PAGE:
Nevertheless the research has highlighted how few drug users enter residential rehabilitation in Scotland and how few become abstinent from illegal drugs after an episode in methadone maintenance, raising questions over the balance of investment in treatment modalities. However, for the reasons given above, it would be unsafe to reset the balance solely on the basis of these findings. Internationally, research on residential rehabilitation is sparse, methodologically weak and ambiguous about its benefits relative to less expensive treatment options, while that favouring methadone is more extensive and more convincing.4 5 6 Evidence for the special benefits of residential care is mainly confined to multiply problematic and more severe cases.7

For similar reasons it would be unsafe to assume that the findings support the diversion of methadone patients to services aimed at abstinence from illegal drugs and legal substitutes. Compared to well run methadone services, such services have been associated with an extremely high rate of relapse and resultant deaths because the short spell of abstinence has left patients unprotected by tolerance to opiate-type drugs yet failed to create the circumstances in which they could do without them.8

Rather than or in addition to rebalancing there may be a case for reviewing the resourcing of methadone treatment in Scotland and the services provided by the clinics. English figures show that nearly three times as much is spent on an episode of residential care as on an episode of methadone treatment.9 From its inception social reintegration has been a major benefit of effective methadone maintenance.10 In this and other respects, services vary widely. Among the critical factors are adequate, flexible dosing, procedures which minimise both drop-out and throw-out, sufficiently comprehensive services able to draw on wider social resources, staff committed to the welfare of patients and if indicated to indefinite maintenance, and good organisation.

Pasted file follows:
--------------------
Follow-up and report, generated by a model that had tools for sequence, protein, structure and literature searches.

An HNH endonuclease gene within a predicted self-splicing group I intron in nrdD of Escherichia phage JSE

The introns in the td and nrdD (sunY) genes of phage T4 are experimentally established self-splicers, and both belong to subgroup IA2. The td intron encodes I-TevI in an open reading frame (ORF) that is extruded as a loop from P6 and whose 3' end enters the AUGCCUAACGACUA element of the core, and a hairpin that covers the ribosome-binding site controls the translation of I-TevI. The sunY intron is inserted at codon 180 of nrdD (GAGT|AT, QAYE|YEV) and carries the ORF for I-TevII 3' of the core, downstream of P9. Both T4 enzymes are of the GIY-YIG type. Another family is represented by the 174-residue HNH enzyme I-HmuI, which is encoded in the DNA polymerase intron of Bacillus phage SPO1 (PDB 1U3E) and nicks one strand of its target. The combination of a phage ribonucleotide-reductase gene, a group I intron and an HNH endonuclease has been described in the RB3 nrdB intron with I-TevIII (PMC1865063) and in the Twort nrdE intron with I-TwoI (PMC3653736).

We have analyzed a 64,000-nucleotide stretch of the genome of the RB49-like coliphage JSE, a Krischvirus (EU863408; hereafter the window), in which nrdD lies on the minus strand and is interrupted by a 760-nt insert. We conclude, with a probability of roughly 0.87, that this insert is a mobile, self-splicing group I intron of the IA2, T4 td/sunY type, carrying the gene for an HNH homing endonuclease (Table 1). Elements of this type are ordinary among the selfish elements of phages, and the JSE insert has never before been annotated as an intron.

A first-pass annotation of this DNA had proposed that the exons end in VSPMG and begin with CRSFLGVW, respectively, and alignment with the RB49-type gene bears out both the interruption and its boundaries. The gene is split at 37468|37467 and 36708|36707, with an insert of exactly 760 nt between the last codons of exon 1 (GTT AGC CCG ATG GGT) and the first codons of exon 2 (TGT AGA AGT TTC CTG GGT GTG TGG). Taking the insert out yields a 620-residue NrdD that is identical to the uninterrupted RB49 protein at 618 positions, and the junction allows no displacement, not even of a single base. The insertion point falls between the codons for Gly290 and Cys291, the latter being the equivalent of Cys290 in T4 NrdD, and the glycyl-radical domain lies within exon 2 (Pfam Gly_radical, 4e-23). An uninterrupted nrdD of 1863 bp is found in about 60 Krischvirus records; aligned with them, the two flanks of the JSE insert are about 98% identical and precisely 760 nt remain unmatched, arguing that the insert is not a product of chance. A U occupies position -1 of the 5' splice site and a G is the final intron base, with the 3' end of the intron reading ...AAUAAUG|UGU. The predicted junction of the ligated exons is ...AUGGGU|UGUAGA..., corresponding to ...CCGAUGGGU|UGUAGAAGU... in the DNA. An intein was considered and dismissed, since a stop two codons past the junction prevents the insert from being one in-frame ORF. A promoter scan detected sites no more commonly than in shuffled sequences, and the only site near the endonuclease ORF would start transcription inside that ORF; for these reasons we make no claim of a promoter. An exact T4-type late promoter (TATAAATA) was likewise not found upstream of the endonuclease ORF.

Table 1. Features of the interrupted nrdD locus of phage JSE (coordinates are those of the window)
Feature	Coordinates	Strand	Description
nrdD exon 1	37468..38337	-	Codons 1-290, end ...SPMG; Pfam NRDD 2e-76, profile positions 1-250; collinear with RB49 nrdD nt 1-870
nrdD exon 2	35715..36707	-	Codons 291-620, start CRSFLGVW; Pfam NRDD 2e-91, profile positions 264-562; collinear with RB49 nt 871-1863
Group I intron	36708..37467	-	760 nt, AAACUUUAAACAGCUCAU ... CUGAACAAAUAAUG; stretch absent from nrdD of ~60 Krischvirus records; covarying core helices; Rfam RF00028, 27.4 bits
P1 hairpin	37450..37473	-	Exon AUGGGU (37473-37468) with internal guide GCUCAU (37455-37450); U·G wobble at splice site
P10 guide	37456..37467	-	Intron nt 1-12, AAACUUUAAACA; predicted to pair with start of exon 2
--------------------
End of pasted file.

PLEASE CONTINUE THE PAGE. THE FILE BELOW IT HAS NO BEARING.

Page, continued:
In 2007 an official report on Scottish methadone services suspected that insufficient resources were devoted to rehabilitating patients, found patchy adherence to UK dosing guidelines, differing views on the desirability of long-term prescribing, and widely differing policies on supervised consumption.11 Such differences are bound to affect patient retention and outcomes and the possibilities for rehabilitation.

Thanks for their comments on this entry in draft to Neil McKeganey of the University of Glasgow, David Best of the University of Birmingham, Mike McCarron of the Scottish Alcohol and Drug Action Team Association, and the staff of Glasgow Addiction Services. They bear no responsibility for the text including the interpretations and any remaining errors.

1 FEATURED STUDY McKeganey N. et al. Abstinence and drug abuse treatment: results from the Drug Outcome Research in Scotland study. Drugs: Education, Prevention & Policy: 2006, 13(6), p. 537–550.

2 Probably fewer given the numbers not followed up. This applies also to other abstinence estimates.

3 Gossop M. et al. The National Treatment Outcome Research Study in the United Kingdom: six-month follow-up outcomes. Psychology of Addictive Behaviors: 1997, 11 (4), p.324–337.

4 Simoens S. et al. The effectiveness of treatment for opiate dependent drug users: an international systematic review of the evidence. Scottish Executive Effective Interventions Unit, 2002.

5 Drug misuse: psychosocial interventions. National Clinical Practice Guideline Number 51. National Collaborating Centre for Mental Health, 2007.

6 Mattick R.P. et al. Methadone maintenance therapy versus no opioid replacement therapy for opioid dependence. Cochrane Database of Systematic Reviews 2003, Issue 2.

7 Systematic but simple way to determine who needs residential care. Nugget 8.9. Drug and Alcohol Findings: 2003, 8, p. 13.

8 Best D. et al. Overdosing on opiates parts I and II. Drug and Alcohol Findings: 2000, issues 4 and 5.

9 Healey A. et al. Criminal outcomes and costs of treatment services for injecting and non-injecting heroin users: evidence from a national prospective cohort survey. Journal of Health Services Research and Policy: 2003 8, 134–141.

10 Ashton M. Methadone maintenance: the original. Drug and Alcohol Findings: 2006, issue 14.

11 Scottish Advisory Committee on Drug Misuse Reducing harm and promoting recovery: a report on methadone treatment for substance misuse in Scotland. SACDM, 2007.

Last revised 07 January 2008